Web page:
Favalosa Five

Favalosa Five
Mother’s Day. Woke up late (8 am) and Sue opened the cards (and presents) from Charlotte and Sarah that I have been carrying in my suitcase. I don’t know why I kept them hidden all this time as Sue confessed she knew exactly where they were all the time. Is nothing sacred in this world?

We chose to have breakfast in one of the posher restaurants at the rear of the ship, which meant a long walk. We had a table to our selves, but we were soon joined by a French couple and then later an Italian couple. We chatted to the French as the lady could speak English, but the Italians remained quiet. There was a lot more of the sweet pastries at this restaurant, hence I guess the large number of French diners, but I did find a little nugget. Stilton, yes, English Stilton cheese, I shall be returning.

The boat was due to dock at noon in Maceio, so we watched the manoeuvres on Deck 12 at the very top of the ship. When she was securely moored we descended to Deck 5 which was the meeting point for our excursion to the lagoons.
After having the obligatory sticker firmly placed onto t-shirts, we left the boat and travelled by coach some 35 km to where we were to catch a small boat. We were accompanied by an English speaking guide who narrated a few facts about living in the area and prepared us for what we would see.
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We passed around and over some of the lagoons on the way to a little cafe situated on the edge of a very large one. It had three little catamarans moored to it. We boarded one and after a short wait we serenely cut our way through the lagoons towards the sea. The catamaran was beached on a spit of brilliant white sand that separated the fresh water lagoon from the sea. As we stepped onto the beach we were warned that the sea was not safe and to swim in the lagoon. You can guess where we went. The sea was lovely and warm and it was great fun splashing through the waves. Just before our departure time we moved into the lagoon. The water was even warmer, but the calm, still waters were quite geriatric.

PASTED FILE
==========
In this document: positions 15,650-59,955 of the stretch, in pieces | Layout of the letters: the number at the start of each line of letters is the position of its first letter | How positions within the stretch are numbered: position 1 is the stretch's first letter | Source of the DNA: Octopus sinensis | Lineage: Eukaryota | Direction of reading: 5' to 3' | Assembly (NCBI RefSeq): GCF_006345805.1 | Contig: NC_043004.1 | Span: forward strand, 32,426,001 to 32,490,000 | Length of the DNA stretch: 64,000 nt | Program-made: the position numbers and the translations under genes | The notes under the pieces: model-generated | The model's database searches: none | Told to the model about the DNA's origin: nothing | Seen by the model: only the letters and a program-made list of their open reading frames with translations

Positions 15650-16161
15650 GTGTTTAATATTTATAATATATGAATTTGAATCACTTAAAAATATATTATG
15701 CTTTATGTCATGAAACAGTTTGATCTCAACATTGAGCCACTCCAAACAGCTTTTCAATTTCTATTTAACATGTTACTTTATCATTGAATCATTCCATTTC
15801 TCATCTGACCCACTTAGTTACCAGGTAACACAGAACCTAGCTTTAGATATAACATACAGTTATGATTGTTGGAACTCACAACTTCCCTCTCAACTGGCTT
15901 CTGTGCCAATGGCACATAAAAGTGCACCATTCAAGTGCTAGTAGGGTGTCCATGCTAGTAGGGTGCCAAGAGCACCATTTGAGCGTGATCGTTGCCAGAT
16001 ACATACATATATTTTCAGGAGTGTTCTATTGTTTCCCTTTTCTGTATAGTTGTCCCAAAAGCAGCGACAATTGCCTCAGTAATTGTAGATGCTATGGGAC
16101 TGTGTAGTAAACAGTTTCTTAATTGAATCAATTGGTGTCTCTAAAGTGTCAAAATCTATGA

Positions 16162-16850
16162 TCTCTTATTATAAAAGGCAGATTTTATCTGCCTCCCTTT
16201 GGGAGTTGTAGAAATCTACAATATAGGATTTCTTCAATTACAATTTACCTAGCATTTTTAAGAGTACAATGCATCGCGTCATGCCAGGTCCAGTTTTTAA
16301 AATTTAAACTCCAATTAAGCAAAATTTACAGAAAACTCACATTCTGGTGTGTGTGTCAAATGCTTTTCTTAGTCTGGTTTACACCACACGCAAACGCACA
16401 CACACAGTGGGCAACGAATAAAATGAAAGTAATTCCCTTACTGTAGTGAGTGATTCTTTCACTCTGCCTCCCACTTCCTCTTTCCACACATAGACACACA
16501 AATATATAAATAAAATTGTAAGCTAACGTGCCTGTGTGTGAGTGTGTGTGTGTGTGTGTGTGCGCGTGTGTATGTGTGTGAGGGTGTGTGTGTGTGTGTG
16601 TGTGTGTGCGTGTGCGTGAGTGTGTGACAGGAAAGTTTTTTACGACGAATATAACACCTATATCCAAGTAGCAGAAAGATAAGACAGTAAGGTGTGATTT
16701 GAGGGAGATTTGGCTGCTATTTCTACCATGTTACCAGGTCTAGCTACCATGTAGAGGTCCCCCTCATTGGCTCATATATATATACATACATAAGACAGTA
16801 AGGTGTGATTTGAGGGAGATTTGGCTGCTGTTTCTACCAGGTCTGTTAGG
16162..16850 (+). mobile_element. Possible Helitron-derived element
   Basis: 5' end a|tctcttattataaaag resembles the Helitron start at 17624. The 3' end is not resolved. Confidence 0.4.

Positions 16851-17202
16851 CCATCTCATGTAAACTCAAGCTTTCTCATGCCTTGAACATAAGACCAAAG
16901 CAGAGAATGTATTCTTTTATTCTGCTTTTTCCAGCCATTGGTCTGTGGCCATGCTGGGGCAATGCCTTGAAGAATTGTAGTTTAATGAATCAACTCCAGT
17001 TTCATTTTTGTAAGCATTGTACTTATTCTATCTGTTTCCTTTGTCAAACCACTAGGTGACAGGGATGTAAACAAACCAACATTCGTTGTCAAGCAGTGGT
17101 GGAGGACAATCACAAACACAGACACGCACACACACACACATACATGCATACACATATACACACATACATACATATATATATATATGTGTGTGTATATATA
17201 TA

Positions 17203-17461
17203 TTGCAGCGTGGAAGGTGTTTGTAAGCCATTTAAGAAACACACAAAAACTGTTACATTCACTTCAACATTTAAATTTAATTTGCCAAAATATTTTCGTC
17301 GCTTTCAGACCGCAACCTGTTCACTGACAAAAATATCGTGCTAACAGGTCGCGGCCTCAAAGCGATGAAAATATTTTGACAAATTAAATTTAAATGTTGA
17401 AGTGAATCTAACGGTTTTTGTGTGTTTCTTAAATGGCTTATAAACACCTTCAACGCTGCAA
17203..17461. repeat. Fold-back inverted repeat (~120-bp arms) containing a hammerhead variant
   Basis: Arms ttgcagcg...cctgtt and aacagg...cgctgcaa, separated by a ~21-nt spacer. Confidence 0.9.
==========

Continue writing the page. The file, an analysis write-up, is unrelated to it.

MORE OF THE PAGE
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We retraced our journey back to the bus and then to the ship. We arrived just in time to catch some fresh baked pizzas and a mugs of coffee.

The evening meal was taken with the Manchester couple as the Dorset couple were eating in one of the other restaurants. The Mancunians were celebrating the fact that his lost suitcase had arrived (after being lost in transit for over a week) and he could at last wear some different clothes. While we were chatting at the table, they mentioned that they had been to a beach near where we had been and there were huge signs warning you about sharks, and to stay out of the water. Things began to fall into place. As I was out in the deep water, a coastguard had driven up on a quad and shouted for me to get into shallower water, at that moment I noticed a few fish leap out of the water on the wave that was bearing down on me. I took the wave and body surfed to the shore, thinking “health and safety even in Brazil!’, does he think I can’t swim? Perhaps there was more in that wave than just water.

The evening entertainment was a dance medley of the customs and culture of South America. Very colourful and energetic, though the music co-ordinator had problems synchronizing the start of each dance. Never-the-less the show was very entertaining, but I didn’t understand any of it (probably won’t be the last time).

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